The Romney campaign has canceled campaign events, commercials, and fundraising appeals in states that will be impacted by Hurricane Sandy, and is instead using a campaign bus to help deliver supplies to those who will be impacted by what forecasters are predicting may be a "storm of the century."
The Obama campaign has canceled events, but has yet to announce it have pulled commercials or fundraising appeals from states in Sandy's path. Romney was also first on the scene when Hurricane Irene struck the Gulf Coast in August, with President Obama arriving three days later after adjusting his schedule.
Twitchy, which keeps track of everything that happens on Twitter in real time, posted photos of relief supplies next to Romney's campaign bus in Virginia, where Romney was supposed to have campaigned on Sunday before canceling his events.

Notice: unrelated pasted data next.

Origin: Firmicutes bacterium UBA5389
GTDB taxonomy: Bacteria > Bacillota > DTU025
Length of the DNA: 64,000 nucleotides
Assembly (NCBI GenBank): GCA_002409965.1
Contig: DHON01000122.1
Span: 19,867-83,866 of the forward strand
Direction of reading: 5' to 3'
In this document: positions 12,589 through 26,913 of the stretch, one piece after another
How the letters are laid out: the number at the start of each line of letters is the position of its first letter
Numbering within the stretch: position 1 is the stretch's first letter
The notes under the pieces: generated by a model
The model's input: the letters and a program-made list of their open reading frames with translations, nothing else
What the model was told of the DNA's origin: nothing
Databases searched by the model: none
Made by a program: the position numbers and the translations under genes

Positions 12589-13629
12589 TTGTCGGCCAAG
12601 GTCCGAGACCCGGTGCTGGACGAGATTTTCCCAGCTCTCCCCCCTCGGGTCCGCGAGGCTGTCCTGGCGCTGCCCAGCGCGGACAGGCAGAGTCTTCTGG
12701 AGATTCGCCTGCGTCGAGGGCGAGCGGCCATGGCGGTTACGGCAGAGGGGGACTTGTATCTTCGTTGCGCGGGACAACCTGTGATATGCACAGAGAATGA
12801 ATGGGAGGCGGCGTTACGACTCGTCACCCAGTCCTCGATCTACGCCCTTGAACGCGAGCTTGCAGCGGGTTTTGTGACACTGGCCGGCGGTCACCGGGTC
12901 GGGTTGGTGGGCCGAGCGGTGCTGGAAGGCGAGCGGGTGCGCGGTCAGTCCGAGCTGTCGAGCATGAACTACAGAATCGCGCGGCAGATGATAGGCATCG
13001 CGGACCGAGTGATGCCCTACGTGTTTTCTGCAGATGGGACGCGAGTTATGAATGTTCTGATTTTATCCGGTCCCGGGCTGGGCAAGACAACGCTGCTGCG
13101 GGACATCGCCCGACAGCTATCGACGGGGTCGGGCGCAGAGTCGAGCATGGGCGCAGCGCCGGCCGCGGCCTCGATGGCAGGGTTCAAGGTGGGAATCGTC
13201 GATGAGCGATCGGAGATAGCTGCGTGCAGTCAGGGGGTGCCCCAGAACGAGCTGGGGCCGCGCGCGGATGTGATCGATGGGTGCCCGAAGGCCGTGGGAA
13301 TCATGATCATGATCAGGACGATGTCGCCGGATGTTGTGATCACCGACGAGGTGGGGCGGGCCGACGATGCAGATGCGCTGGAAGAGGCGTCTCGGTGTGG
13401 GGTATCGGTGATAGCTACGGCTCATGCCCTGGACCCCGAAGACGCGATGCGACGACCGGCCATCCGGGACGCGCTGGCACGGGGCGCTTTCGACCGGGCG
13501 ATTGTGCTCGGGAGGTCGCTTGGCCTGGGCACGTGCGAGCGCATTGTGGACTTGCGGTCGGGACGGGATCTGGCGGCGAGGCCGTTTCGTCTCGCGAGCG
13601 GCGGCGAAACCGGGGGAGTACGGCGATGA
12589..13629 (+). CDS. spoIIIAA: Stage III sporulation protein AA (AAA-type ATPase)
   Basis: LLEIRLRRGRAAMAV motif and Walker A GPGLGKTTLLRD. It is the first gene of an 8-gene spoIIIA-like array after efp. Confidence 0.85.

And, according to CBS News: The campaign is taking similar precautions in New Hampshire, where Ann Romney was supposed to be on Monday. They have cancelled that visit and are instead using another campaign bus to help with relief there.
The Obama campaign has also cancelled events as Sandy approaches. President Obama was briefed by FEMA in Washington, D.C., today and labeled it a "serious and big storm."
A Romney adviser told ABC News that the Romney campaign felt comfortable that Romney has gotten his message across to voters and the campaign did not even "want to even trivialize matters by talking about the state of the race when you have so many people right now that are going to be adversely impacted by the storm."
Paul Ryan also opened up his campaign event in Ohio on Sunday, according to ABC News, by telling a crowd: "First let me start on a slightly different note, let’s today when we get home, put in our prayers the people who are in the East Coast in the wake of this big storm that’s coming, let’s not forget those fellow Americans of ours."